A medieval credit crunch


By Adrian R. Bell, Chris Brooks and Tony Moore, published 19th July 2009

The project: A three-year research project started in December 2007 with the aim of investigating the credit arrangements of a succession of English monarchs with a number of Italian merchant societies. The study, based at the ICMA Centre, University of Reading, is funded by the Economic and Social Research Council (ESRC). The work of the project has already allowed us to analyse the nature of these financing arrangements, drawing comparisons with more recent developments in finance and events in the financial markets.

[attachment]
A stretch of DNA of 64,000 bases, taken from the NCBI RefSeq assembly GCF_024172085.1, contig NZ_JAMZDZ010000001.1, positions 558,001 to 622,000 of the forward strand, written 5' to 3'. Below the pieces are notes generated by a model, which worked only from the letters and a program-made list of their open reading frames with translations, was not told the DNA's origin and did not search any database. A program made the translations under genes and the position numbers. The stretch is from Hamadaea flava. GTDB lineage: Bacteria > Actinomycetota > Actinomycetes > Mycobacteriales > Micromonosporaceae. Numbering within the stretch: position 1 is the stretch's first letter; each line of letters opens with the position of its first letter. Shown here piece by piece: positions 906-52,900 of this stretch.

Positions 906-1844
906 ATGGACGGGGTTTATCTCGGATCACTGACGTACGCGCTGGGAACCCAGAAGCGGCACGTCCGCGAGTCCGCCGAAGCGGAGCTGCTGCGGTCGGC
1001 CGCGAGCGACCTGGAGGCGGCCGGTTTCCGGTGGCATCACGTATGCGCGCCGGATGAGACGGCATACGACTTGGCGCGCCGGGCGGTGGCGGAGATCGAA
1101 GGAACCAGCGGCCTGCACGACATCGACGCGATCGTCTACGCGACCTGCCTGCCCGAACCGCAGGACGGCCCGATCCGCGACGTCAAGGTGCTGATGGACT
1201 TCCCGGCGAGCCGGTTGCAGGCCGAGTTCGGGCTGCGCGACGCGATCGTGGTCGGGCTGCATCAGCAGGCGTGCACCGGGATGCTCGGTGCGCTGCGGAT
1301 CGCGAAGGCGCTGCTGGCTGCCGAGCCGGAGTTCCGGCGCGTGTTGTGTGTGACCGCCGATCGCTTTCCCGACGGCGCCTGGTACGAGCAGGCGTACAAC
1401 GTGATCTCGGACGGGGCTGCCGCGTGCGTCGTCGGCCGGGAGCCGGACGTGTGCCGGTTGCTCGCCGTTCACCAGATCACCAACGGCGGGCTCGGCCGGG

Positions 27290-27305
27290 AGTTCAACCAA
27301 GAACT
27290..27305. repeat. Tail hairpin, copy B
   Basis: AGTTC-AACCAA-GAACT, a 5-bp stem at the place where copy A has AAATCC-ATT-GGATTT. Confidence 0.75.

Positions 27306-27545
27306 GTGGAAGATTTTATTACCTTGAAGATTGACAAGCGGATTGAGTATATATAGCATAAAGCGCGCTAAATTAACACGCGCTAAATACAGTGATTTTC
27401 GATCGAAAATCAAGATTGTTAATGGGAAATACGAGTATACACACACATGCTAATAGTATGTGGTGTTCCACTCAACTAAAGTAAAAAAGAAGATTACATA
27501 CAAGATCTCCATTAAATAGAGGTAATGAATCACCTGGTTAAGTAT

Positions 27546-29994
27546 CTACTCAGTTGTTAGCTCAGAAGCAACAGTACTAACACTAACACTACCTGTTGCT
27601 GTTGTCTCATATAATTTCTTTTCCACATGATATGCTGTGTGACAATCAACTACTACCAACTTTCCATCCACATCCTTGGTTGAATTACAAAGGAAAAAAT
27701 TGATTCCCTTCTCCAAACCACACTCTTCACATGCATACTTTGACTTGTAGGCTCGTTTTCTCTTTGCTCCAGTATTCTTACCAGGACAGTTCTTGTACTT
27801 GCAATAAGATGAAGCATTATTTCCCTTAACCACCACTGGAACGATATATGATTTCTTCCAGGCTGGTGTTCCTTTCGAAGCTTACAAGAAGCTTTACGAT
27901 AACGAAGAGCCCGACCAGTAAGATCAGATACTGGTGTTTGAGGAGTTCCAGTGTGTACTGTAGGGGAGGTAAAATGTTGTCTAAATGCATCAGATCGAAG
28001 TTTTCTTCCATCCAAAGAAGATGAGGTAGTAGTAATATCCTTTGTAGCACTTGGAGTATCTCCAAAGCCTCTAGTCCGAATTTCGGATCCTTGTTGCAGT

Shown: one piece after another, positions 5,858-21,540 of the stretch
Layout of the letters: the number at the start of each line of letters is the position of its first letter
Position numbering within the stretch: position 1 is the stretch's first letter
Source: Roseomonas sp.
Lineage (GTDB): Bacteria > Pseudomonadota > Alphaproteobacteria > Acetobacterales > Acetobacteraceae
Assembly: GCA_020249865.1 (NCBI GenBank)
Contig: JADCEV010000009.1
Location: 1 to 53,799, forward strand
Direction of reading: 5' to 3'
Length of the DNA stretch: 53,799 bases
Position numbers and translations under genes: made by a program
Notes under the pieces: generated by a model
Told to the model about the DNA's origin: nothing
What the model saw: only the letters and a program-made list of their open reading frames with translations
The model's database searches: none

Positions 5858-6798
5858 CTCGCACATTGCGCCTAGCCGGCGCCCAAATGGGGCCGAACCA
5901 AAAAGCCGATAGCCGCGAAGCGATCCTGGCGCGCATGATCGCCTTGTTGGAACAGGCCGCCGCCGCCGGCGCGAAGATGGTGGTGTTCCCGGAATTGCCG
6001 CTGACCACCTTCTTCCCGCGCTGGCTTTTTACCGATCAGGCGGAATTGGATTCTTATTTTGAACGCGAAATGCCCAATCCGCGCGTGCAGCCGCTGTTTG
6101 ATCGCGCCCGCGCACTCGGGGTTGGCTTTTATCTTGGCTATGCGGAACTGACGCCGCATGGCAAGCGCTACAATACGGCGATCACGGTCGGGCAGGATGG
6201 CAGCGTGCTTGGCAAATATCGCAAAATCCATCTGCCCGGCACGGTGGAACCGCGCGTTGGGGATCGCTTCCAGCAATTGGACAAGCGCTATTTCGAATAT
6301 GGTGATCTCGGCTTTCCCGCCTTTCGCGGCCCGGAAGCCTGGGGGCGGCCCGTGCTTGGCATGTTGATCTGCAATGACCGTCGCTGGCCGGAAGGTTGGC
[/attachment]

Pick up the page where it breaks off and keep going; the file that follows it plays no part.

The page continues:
It has long been recognised by historians that medieval English monarchs made use of sophisticated cross-border credit  arrangements to finance government and warfare. In particular, at the turn of the thirteenth and fourteenth centuries, successive English kings formed relationships with the merchant societies of Italy, the most advanced financial organisations of the day. According to Edmund Fryde, the credit system employed by the  English Crown worked successfully for around 70 years, beginning in the reign of Edward I (1272) and lasting into the early years of the Hundred Years War and the reign of his grandson, Edward III (circa 1340)...

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